In my last post, I spoke about an article by John Ioannidis in which he proposes tell-signs for an increased likelihood of false research results. Before launching myself into a discussion on whether PDS research shares most of these tell-signs, I want to make you aware of another similar but PDS specific article by Finn, Bothe, and Bramlett. The title is Science and pseudoscience in communication disorders: criteria and applications. I met Patrick Finn once in Montreal, and once in Tucson (Arizona). I was at a conference on human consciousness (much more interesting than PDS) and we had lunch in a Greek restaurant. I never met Dr Bothe, but I know that she has written an article some years ago in which she basically said that most (or was it all?) research on treatment of PDS is false. So this article fits well into her agenda. :-) I will have a look at their article and give my feedback on the blog. But here is already the abstract:

PURPOSE: The purpose of this tutorial is to describe 10 criteria that may help clinicians distinguish between scientific and pseudoscientific treatment claims. The criteria are illustrated, first for considering whether to use a newly developed treatment and second for attempting to understand arguments about controversial treatments. METHOD: Pseudoscience refers to claims that appear to be based on the scientific method but are not. Ten criteria for distinguishing between scientific and pseudoscientific treatment claims are described. These criteria are illustrated by using them to assess a current treatment for stuttering, the SpeechEasy device. The authors read the available literature about the device and developed a consensus set of decisions about the 10 criteria. To minimize any bias, a second set of independent judges evaluated a sample of the same literature. The criteria are also illustrated by using them to assess controversies surrounding 2 treatment approaches: Fast ForWord and facilitated communication. CONCLUSIONS: Clinicians are increasingly being held responsible for the evidence base that supports their practice. The power of these 10 criteria lies in their ability to help clinicians focus their attention on the credibility of that base and to guide their decisions for recommending or using a treatment.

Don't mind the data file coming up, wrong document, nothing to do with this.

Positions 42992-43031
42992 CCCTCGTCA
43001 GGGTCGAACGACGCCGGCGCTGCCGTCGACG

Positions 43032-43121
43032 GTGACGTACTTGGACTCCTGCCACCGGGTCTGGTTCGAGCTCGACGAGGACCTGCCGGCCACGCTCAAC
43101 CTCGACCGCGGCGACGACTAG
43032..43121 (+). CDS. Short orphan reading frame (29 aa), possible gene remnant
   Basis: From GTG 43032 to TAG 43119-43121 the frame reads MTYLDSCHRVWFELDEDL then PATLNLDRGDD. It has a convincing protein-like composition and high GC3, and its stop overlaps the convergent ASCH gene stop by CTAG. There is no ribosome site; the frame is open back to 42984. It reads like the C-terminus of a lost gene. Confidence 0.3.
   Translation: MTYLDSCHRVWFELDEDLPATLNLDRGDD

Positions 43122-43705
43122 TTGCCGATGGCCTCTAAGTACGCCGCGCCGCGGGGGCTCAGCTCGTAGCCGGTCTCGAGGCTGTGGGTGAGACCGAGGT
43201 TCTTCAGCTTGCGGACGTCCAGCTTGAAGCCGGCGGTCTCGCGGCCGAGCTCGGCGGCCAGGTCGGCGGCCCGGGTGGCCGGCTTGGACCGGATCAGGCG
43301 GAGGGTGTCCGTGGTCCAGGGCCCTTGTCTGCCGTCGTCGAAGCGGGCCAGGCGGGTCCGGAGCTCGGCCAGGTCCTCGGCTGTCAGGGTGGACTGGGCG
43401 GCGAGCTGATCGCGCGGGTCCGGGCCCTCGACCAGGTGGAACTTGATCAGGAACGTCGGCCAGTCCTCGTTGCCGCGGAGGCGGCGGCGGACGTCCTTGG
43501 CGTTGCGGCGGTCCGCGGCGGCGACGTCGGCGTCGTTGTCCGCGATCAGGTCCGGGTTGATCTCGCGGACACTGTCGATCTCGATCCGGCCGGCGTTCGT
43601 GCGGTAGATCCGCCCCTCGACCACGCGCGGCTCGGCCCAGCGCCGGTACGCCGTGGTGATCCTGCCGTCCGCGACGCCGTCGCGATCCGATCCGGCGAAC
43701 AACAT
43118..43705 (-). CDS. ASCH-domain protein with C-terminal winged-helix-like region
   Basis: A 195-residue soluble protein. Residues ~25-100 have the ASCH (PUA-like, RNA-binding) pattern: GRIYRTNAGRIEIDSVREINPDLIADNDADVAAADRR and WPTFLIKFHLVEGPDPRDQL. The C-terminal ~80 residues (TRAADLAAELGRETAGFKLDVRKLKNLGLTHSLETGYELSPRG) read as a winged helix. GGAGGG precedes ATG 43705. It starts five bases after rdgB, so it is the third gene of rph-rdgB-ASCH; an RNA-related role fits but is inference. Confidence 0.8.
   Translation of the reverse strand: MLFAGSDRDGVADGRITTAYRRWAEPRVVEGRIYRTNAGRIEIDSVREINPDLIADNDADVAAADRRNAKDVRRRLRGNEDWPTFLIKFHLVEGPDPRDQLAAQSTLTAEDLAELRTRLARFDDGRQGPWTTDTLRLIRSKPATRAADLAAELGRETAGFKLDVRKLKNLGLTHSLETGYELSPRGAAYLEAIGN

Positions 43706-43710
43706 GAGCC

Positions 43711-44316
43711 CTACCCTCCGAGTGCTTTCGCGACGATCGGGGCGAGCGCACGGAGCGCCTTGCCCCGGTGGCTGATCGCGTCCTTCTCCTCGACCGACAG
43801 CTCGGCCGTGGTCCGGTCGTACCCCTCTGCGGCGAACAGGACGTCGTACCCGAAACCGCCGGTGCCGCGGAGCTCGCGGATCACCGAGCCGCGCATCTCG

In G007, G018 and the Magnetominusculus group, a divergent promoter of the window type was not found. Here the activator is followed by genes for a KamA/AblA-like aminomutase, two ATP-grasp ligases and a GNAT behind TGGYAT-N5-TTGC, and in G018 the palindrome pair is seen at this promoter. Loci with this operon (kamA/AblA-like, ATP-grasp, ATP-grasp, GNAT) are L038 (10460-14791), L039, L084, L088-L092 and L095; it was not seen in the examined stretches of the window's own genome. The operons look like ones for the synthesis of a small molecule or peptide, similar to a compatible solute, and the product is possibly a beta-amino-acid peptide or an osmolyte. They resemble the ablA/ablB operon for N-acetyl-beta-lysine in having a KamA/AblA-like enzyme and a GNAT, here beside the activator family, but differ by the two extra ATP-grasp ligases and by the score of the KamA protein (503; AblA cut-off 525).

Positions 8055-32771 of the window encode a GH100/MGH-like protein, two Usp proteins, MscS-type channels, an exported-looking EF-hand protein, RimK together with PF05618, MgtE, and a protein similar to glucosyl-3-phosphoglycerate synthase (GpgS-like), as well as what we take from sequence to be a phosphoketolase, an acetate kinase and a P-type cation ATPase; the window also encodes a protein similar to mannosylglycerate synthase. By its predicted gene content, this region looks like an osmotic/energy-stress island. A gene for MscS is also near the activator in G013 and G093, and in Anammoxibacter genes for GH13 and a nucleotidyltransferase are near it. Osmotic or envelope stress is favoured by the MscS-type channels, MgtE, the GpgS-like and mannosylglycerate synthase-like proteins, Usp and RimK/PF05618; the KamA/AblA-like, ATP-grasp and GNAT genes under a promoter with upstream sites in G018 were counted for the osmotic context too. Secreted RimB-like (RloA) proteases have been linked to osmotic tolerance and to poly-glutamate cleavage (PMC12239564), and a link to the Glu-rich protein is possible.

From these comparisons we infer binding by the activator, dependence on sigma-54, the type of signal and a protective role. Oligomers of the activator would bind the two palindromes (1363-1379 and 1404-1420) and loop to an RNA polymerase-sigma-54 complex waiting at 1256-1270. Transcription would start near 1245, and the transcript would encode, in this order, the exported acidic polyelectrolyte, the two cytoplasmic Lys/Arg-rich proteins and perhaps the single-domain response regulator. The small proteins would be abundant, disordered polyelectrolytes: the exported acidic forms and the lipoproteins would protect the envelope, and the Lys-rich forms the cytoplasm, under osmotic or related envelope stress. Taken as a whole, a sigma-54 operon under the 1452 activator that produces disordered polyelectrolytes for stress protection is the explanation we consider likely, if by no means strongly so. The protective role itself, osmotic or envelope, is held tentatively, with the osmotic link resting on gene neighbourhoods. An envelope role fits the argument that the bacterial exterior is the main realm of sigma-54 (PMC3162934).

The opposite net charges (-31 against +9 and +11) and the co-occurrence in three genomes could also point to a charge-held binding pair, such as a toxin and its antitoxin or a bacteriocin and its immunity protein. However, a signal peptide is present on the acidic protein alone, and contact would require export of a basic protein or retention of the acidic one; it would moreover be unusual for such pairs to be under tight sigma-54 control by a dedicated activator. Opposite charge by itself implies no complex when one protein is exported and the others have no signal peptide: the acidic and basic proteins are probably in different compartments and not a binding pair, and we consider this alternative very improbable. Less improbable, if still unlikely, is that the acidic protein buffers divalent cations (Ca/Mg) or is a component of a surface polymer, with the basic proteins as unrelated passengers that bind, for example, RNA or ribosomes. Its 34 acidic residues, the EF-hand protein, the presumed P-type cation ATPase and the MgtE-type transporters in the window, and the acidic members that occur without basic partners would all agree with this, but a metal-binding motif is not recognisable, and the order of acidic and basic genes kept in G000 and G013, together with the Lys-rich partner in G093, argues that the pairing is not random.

So, let me come back to Ionannidis' tell-signs. I will go through all of them, and discuss whether they are relevant to PDS research. Research is less likely to be true..

a) when the studies conducted in a field are smaller; YES. Most research studies have quite small sample sizes.